Human Numbers Through Time

Publish Date: Topic: Physics + MathPhysics & MathNova
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For most of humans' existence, our ancestors led precarious lives as scavengers, hunters, and gatherers, and there were fewer than 10 million people on Earth at any one time. Today, many cities have more than 10 million inhabitants each, and populations continue to skyrocket. Trace the dramatic growth of human populations over recent centuries on our global map, and see where on Earth as many as three billion more people may live by 2050.

Editor's Note:
The global map was adapted from World Population: A Graphic Simulation of the History of Human Population Growth, a 2003 video produced by Population Connection (www.populationconnection.org). In the map, each dot represents one million people. In areas where populations are widely dispersed, dots are placed in the middle of an approximate range.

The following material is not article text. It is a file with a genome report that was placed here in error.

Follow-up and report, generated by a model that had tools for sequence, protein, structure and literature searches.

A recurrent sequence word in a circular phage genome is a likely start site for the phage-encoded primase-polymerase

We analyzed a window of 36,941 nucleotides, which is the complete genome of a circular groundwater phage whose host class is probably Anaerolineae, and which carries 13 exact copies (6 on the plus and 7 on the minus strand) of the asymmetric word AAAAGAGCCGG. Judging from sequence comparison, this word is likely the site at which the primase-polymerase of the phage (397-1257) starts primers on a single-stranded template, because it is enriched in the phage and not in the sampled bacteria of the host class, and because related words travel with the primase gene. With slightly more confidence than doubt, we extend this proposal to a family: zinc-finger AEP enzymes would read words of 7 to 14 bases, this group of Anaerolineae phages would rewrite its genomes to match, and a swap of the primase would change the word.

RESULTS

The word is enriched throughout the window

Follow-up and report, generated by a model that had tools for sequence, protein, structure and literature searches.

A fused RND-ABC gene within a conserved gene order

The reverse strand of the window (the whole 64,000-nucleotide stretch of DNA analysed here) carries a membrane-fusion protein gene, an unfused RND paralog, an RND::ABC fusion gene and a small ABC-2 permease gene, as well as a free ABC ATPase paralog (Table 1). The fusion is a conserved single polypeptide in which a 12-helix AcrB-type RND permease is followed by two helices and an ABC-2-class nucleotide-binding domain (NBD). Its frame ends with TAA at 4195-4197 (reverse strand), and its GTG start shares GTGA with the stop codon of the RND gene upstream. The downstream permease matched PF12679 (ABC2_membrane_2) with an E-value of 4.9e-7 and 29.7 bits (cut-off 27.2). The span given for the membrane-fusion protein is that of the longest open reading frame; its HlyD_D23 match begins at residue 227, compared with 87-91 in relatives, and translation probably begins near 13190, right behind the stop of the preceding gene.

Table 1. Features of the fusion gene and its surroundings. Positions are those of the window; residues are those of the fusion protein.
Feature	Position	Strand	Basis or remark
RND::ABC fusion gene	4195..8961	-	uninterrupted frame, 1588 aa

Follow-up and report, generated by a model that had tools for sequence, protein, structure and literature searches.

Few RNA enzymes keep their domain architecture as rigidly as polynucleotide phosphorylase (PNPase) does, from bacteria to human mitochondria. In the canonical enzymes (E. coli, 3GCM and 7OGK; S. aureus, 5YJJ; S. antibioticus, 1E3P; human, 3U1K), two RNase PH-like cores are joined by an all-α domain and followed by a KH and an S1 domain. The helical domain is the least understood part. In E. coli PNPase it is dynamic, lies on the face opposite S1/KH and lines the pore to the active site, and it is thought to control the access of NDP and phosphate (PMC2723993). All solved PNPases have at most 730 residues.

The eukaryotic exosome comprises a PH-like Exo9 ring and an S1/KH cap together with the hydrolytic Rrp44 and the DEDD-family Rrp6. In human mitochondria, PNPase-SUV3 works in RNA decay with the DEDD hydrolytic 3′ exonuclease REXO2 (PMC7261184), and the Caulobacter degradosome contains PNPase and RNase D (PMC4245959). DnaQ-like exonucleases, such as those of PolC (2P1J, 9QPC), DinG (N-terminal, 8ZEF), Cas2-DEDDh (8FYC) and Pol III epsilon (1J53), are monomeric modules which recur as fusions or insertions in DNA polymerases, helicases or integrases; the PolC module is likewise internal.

When areas become super-populated, as they begin to do in certain parts of the world in the 20th century, the dots merge and spread outward like a stain. As a result, some dots may appear in places that are not in reality densely inhabited; even countries or regions that appear "filled up" in later maps may still have sparsely populated regions.

Sources for the graph entitled "World Population Growth, 1800-2050," which appears at the end of the series, are the United Nations, World Population Prospects, The 2003 Revision, and estimates by the Population Reference Bureau (www.prb.org).

Major funding for NOVA is provided by the David H. Koch Fund for Science, the NOVA Science Trust, the Corporation for Public Broadcasting, and PBS viewers.